So, the point is that if we want to be like Jesus, we can’t just limit it to the things we like or are attracted to. He defended the woman taken in adultery. He healed the leper, he interacted mainly with people who were lower class or outcasts in Jewish society, and here he was accepting a woman in his circle of students. All these were The Others and He accepted them. My illustration was a “wanted poster” for Jesus Christ that I remembered seeing a few years previously, styled like an outlaw wanted poster from the old West. It said at the top “Wanted Dead or Alive: Jesus Christ” with a picture. Then it went on to detail the charges against him: Sedition, Criminal Anarchy, Vagrancy and Conspiracy to overthrow the Government.
Then below it detailed the crimes: “dresses poorly, said to be a carpenter by trade, ill nourished, has visionary ideas, associates with common people, the unemployed and bums, Alien, believed to be a Jew.” It went on to list his claims to be the “Prince of Peace, Son of Man, etc.
But my question to the congregation went back to did you hear “associates with common people, the unemployed and bums. An Alien?” He accepted The Other. Do you? Do we? Isn’t now a good time to start? Of course, what I couldn’t in good faith add to the list of others was homosexuals, because that wasn’t in the text, but it sure was in my mind.
When the service ended, I processed to the entrance and stood at the door greeting parishioners and saying goodbye. Most of the comments were general, “Good sermon, Pastor,” or “Nice job today.” They were the type that made you wonder if the speaker had really been listening. A few, like Spencer Sullivan’s were more pointed: “that interpretation makes it much more challenging, doesn’t it, Pastor.” At least he seemed to be thinking of the implications. I thanked him and told him I’d be calling him the next day. When Lilly and the boys came by, she was quite upbeat, “That was a very moving sermon, Pastor. Thank you. It gives us a lot to think about.” Gary said nothing and kind of smiled. I looked at Jackson and he smiled and commented, “The point about not seeing people as outsiders and accepting them is pretty strong. I’m guessing its lots harder to actually do than it is to talk about. Where do we start?”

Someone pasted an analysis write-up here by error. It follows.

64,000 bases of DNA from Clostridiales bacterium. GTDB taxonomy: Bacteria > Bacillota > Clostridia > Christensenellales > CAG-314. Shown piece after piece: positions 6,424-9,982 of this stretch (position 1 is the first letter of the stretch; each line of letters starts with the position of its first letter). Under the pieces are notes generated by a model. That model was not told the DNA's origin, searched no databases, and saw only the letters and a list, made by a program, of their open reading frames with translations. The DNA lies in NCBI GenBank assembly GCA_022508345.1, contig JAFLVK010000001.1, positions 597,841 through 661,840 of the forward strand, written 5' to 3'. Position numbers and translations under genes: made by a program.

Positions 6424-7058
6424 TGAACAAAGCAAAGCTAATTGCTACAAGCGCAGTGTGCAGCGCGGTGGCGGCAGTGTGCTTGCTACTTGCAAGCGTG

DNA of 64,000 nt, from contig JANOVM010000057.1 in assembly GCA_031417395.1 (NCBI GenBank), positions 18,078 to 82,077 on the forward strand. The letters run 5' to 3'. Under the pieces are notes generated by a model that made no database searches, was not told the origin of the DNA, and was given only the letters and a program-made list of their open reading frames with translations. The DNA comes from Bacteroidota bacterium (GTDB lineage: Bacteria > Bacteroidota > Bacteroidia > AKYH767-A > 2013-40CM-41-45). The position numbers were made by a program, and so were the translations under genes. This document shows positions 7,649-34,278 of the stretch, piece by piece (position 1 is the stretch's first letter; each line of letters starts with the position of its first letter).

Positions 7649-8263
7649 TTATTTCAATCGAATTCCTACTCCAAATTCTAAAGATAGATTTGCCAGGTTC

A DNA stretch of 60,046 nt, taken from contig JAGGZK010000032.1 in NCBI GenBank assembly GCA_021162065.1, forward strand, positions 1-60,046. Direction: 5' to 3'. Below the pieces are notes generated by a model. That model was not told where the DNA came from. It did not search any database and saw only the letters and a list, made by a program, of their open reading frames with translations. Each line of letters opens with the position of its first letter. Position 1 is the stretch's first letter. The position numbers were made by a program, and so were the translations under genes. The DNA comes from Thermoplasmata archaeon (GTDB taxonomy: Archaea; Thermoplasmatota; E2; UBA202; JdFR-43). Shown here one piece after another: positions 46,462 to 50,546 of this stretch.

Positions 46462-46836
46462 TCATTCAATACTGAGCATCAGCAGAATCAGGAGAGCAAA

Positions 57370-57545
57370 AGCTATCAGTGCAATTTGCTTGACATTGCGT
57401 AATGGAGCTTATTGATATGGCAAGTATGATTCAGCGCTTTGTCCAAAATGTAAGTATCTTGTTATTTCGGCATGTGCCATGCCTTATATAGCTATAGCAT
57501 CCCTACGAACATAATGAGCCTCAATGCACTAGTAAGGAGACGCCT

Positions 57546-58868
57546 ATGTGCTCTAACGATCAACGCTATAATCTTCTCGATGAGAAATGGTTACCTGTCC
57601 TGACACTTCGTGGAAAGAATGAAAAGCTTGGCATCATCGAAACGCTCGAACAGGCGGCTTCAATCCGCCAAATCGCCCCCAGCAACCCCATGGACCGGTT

I was pretty certain he was being serious, not asking a rhetorical question, so I answered, “That’s where the challenge lies for us all. Our normal behavior, what we’re conditioned to do is to act tribal, and to exclude those outside the tribe or who don’t meet certain standards we set. It takes a lot of work to get past that. Not to worry though, it’s a process that happens over time.”
I turned to Lilly and said. “It’s great to see you and the boys at church. I’ll check in with you tomorrow afternoon and see how the day has gone.” She smiled and then left the church, heading for home.
After the last parishioners had said goodbye, I headed to the community hall to join those there and have a much-needed cup of coffee. Susan and Ellen were standing across the room, and I headed over cup in hand. “Susan, the choir sounded very good today. Strong and enthusiastic.”
She smiled, and said, “When the message is positive it’s easy to be that way. They’re more enthusiastic because the service is better.” I smiled and demurred. Ellen jumped right in, “Susan’s right, Pastor, and she’s not being patronizing. The services have been very good, and people are upbeat about it.”
I thanked them both and changed the subject to tomorrow. Susan said she’d already told Lilly she would check in during the day to see how the in-home therapy session went. I nodded and told her I appreciated their involvement. We chatted a few more minutes and they asked how the trail ride had gone at the part. I filled them in and then I thanked them for being such gracious hostesses and for suggesting the park to us—we’d both enjoyed it and managed to have a good ride and not get sunburned! A couple of minutes later I took my leave and headed home.
A quick lunch and I was ready for an equally quick nap. I woke up knowing what I needed to do next and walked into the office and called Paul Gallagher. When he answered I apologized for having called him during the work week last time, and unannounced to boot, when he might have had clients. He said not to worry, if there was a scheduling conflict, he’d let me know. He then directly asked, “So, how are things going with your first family intervention crises?”
I filled him in on the developments since we first spoke, most importantly that the CPS had arranged for in-home therapy and that began the next day. He was positive about that as having a good chance of getting the remaining family members back on track and working together. I also told him I’d had a one-on-one with the boys and encouraged them to actively participate and not be hands off, and that it was for their own good. He was positive about that too.
He then asked, “So how is the relationship going with the younger boy?” I tried to be honest and still maintain a distance from the personal emotion as I told him about the bicycle ride, the plan of having him as a counselor for church camp and helping him and Gary get a lawn mowing business going. I then said, “I shared with him your comment about Presbyterians still considering homosexuality as a depraved sin, and we discussed that in some detail as the doctrinal foundation for hatred and you won’t believe what he asked me.” He simply said, “Go on.”
“Well, he just asked why we’re still Presbyterians or even Christians if that’s the way it is. I was floored. I didn’t know what to say to that.”